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NEC and NEXCO Central Japan jointly develop technology for automated driving of snowplows in an echelon formation


NEC and Central Nippon Expressway Company Limited (NEXCO Central Japan, Naka Ward, Nagoya) have collaborated to develop a technology for the automated driving of multiple snowplows in an echelon formation, where snowplows are diagonally arranged with appropriate intervehicle distances. The companies plan to conduct test drives and verification experiments, aiming to demonstrate the successful operation of this technology for the autonomous driving of vehicles, while maintaining appropriate intervehicle distances, by the end of FY2024.

Image of echelon formation during snow plowing.
Provided by NEC

For the safe use of snowplows on expressways during snowfall, snow removal operations are often undertaken to clear the snow accumulated on multiple lanes via echelon snow plowing; with this type of plowing, several snowplows can travel in tandem under adverse conditions, such as poor visibility caused by snowstorms. During these operations, the lead snowplow and other trailing vehicles are required to maintain certain intervehicle distances and travel in a manner where their front-mounted snow removing blades are slightly overlapping. Therefore, each snowplow vehicle requires two operators on board: one with driving skills and another with training to check the snow-removal-operation equipment and surroundings.

However, owing to the current aging and shrinking working population, snowplow drivers are quite limited. Given these circumstances, the NEC and NEXCO Central Japan attempted to develop an automated driving technology to reduce the required workforce for echelon snow plowing.

The development of this automated driving technology is intended to proceed based on the autonomous driving technology for following truck platooning on expressways (platoon driving technology), developed by the Ministry of Economy, Trade and Industry and the Ministry of Land, Infrastructure, Transport and Tourism; these organizations have developed and tested the automated driving technology for large vehicles on expressways.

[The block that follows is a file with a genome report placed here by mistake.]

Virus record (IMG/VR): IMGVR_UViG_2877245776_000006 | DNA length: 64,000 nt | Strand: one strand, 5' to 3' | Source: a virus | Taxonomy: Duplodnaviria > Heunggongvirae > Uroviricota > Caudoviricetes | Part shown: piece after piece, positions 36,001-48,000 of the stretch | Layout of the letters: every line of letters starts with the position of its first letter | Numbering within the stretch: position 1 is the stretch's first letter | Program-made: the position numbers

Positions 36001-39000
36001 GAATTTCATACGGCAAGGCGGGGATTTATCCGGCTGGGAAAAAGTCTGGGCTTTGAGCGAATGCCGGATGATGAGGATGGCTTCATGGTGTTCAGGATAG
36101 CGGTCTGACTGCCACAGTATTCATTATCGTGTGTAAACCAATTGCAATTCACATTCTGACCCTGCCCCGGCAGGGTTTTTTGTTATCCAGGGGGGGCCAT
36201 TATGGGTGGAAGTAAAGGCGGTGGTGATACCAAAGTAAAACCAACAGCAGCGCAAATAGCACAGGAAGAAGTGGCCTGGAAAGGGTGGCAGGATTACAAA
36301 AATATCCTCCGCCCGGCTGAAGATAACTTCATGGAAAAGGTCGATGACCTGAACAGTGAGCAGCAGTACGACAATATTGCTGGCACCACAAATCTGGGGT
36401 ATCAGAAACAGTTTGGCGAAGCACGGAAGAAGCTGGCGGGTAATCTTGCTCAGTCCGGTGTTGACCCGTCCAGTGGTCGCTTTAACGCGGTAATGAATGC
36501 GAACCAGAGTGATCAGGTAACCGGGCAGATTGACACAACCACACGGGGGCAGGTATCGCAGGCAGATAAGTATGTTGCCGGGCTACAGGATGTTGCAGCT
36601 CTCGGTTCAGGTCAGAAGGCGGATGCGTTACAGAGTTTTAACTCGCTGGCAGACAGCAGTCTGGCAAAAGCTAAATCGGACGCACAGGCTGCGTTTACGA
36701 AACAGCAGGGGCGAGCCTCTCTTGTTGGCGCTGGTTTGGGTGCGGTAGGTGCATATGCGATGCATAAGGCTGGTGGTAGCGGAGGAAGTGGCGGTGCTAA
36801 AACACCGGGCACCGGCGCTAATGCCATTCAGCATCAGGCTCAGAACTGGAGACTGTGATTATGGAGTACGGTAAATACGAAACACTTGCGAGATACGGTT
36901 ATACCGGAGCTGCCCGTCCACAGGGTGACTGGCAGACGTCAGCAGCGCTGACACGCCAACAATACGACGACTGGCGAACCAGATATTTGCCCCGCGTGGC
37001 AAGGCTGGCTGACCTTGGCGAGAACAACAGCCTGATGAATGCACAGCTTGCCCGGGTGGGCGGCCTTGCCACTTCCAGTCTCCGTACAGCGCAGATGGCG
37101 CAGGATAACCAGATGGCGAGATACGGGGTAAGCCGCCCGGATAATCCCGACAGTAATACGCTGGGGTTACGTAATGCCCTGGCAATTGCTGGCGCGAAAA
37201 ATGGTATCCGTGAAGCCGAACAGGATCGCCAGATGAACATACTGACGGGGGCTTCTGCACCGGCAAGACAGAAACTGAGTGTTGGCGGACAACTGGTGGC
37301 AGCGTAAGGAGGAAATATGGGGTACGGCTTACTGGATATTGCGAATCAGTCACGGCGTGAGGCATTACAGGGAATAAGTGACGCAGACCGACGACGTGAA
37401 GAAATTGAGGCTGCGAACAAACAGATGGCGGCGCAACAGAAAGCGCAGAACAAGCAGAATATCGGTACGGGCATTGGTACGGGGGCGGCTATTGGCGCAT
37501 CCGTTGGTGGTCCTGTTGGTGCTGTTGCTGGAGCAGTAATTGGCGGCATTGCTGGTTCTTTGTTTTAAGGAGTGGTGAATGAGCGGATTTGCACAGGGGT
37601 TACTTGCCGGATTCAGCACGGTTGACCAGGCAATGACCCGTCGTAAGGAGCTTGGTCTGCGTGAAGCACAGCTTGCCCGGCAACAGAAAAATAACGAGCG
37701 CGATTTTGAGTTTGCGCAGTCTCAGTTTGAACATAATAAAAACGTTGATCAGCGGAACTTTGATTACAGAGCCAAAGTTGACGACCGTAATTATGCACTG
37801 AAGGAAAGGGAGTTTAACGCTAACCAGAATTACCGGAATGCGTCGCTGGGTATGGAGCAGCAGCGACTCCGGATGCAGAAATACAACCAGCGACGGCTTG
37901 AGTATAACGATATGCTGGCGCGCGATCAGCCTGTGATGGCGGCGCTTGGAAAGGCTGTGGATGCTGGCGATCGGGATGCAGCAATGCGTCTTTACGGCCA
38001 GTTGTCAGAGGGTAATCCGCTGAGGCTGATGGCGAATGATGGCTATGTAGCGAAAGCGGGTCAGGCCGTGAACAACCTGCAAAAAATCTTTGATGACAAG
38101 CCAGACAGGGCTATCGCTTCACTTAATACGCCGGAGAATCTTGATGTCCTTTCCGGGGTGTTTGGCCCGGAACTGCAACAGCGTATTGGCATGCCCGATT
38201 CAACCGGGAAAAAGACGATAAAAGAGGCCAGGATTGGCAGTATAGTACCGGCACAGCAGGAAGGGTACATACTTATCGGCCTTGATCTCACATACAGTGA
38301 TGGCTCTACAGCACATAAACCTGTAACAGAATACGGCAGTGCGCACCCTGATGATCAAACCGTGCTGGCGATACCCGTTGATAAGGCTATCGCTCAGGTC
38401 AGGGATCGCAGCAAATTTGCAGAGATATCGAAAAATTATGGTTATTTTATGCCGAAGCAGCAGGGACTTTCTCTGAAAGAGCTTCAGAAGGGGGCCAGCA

The first aspect to consider is the development of a technology that allows each snowplow to travel autonomously along a different trajectory. During platoon driving, a technology wherein the trailing vehicle follows the preceding vehicle along the same trajectory (electronic traction image) is often used.

However, during echelon driving, because the driving trajectory of each vehicle is different, all vehicles must determine their own accurate position using highly accurate satellite positioning systems; moreover, each vehicle must travel autonomously along a different trajectory based on road geometry data.

The second aspect to be considered is the development of a distance-maintaining technology, wherein the trailing vehicle travels along a trajectory different from that of the preceding vehicle while maintaining an appropriate distance.

In conventional platoon driving, the distance to the preceding vehicle is measured using light detection and ranging (LiDAR) equipment, and distance control is performed, along with the implementation of the vehicle-following technology and the measurement of intervehicle distances.

However, during snow removal operations, accurate distance measurements using LiDAR equipment may be difficult owing to reflection from snow. Therefore, establishing the positional relationships between vehicles using intervehicle communication data on the position and speed of each vehicle is essential to enable all vehicles to travel in an echelon formation while maintaining appropriate intervehicle distances.

Generally, before commencing snow removal operations, snowplows are deployed from the platoon formation to the echelon formation. At the end of the operation, the snowplows converge from the echelon formation back to the platoon formation.

The two companies have already begun test driving attempts where the steering of the lead vehicle and the steering and speed control of the second and third vehicles are programmed and controlled without human intervention as these vehicles travel from the platoon formation to the echelon formation and back to the platoon formation.

This article has been translated by JST with permission from The Science News Ltd. ( Unauthorized reproduction of the article and photographs is prohibited.

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